Conversation, camaraderie, and contention in ‘Barber Shop Chronicles’
CAMBRIDGE — When two men angrily square off in a barber shop at one point in “Barber Shop Chronicles,’’ the shop’s owner quickly tries to calm things down by reminding them of the true reason they and other customers patronize his establishment: “This is a space for talking.’’
Indeed, haircuts do take a distant second place to conversation in the half a dozen barber shops across Africa and England that are spotlighted in this evocative, vibrant, deliberately discursive play by Nigerian-born playwright Inua Ellams. Directed at a rapid clip by Bijan Sheibani, “Barber Shop Chronicles’’ has arrived at the American Repertory Theatre as the next-to-last stop on its US premiere tour, featuring a dynamic, all-male cast of 12.
Its title notwithstanding, Ellams’s play registers less as a collection of stories than as a medley of voices. There is considerable value in that structure, particularly when the voices are as vivid, the personalities are as big, and the issues are as resonant as they are in “Barber Shop Chronicles.’’ Yet there are also tradeoffs stemming from the play’s quick-sketch approach, imposing limits on how deeply the play explores the issues it raises and on how well we get to know any of its multitude of characters. (Most of the actors play more than one role.) Overall narrative cohesion is decidedly not the strong suit of “Barber Shop Chronicles’’; there are a few weak spots, abrupt endings, and scenes that feel underdeveloped in terms of situation or characterization.
But by the end the play has added up to an illuminating composite portrait of African men from all ages and backgrounds who, however confident they might appear, are seeking solidarity and even, in some cases, solace, as they settle into a chair. Many of them are wrestling with change, in their countries and in their own lives. What unites them all is soccer: At each shop, no matter the country, a soccer match is on the TV or radio, avidly followed by proprietors and customers alike.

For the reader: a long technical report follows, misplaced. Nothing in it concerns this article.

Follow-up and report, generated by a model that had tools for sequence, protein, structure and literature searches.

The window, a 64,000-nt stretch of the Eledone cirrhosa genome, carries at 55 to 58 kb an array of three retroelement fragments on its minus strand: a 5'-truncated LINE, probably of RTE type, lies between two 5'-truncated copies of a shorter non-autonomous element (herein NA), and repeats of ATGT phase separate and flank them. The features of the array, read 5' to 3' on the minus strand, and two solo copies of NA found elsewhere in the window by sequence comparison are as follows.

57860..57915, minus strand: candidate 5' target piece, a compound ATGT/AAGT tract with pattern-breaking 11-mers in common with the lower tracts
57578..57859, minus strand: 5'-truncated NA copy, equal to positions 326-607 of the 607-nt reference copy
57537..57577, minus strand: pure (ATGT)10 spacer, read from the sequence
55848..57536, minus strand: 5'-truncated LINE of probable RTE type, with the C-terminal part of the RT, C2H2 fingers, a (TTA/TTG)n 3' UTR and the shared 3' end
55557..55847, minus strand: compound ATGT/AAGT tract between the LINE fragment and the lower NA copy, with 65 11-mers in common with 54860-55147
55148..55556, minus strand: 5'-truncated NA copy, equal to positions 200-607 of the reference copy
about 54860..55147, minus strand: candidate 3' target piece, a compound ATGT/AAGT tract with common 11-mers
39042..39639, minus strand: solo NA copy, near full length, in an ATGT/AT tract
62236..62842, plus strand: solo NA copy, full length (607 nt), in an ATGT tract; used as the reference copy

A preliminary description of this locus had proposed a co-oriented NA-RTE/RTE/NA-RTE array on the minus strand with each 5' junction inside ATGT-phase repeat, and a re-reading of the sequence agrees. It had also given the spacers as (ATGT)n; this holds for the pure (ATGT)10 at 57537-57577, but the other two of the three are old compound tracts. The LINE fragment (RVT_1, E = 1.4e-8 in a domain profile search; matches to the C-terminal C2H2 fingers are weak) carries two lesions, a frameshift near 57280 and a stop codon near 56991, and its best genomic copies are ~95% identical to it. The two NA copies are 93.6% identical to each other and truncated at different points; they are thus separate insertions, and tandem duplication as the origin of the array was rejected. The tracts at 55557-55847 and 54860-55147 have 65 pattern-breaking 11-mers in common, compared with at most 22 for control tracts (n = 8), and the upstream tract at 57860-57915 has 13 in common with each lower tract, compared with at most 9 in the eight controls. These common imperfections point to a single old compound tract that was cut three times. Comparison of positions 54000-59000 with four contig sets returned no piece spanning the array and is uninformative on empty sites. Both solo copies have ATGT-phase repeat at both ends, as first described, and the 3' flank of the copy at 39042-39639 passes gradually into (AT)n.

Ellams has a marvelous ear for dialogue, and director Sheibani gives each cast member a chance to shine. Beyond the rivers of talk, the actors also pull out the stops during interstitial sequences of song and dance (the music direction is by Michael Henry, and the movement director is Aline David) that build bridges between scenes and liven up the stage at the ART’s Loeb Drama Center.
(Disclosure: The ART presented a production of my son Matt’s opera, “Crossing,’’ and this week is presenting a festival of performances by the American Modern Opera Company, where he serves as co-artistic director.)
Wherever they hail from, the men in “Barber Shop Chronicles’’ never sound less than authentic as they banter, bicker, spin yarns, confide in or confront one another in barber shops in Lagos, Nigeria; Accra, Ghana; Kampala, Uganda; Johannesburg, South Africa; Harare, Zimbabwe; and London, England. Their conversations cover a wide range and, crucially, the play’s issues seem to emerge organically from the concerns of each character: the treatment of immigrants; the complexities of dating; the challenges of fatherhood (and how much weight to give the examples set by their own fathers); the role of language in sustaining national identity, the political leaders who inspire and the ones whose corruption disgusts; the tensions between generations whose experiences and perspective could not be more different; the toxic legacy of colonialism.
With mounting fury, Simphiwe, a South African man in his late 40s played by Patrice Naiambana, inveighs against the racist apartheid system that disfigured his nation, with lingering effects: “The fact that we never got to deal with it manifests in violence … Generations emasculated, called boys for centuries, taking it out on each other because we never got to get mad and say we were [expletive] around for 350 years and no one was held accountable.’’
Amid scenes of camaraderie and contention, it is the London shop that provides a through-line in “Barber Shop Chronicles.’’ The play returns repeatedly to the shop, where a young British-Nigerian barber named Samuel (Elliot Edusah) behaves with steadily escalating hostility toward middle-aged Emmanuel (Anthony Ofoegbu), the Nigerian immigrant who owns the shop. The reason for Samuel’s resentment is eventually made clear, a denouement that deepens our understanding of both men.
There’s a cumulative richness to “Barber Shop Chronicles’’ that may only impress itself on your mind after the performance — along with a resolution to listen just a bit harder the next time you’re getting a haircut.
BARBER SHOP CHRONICLES
Written by Inua Ellams
Directed by Bijan Sheibani
Coproduction by Fuel, National Theatre, and West Yorkshire Playhouse. Presented by American Repertory Theater. At Loeb Drama Center, Cambridge. Through Jan. 5. Tickets start at $25. At: 617-547-8300, www.americanrepertorytheater.org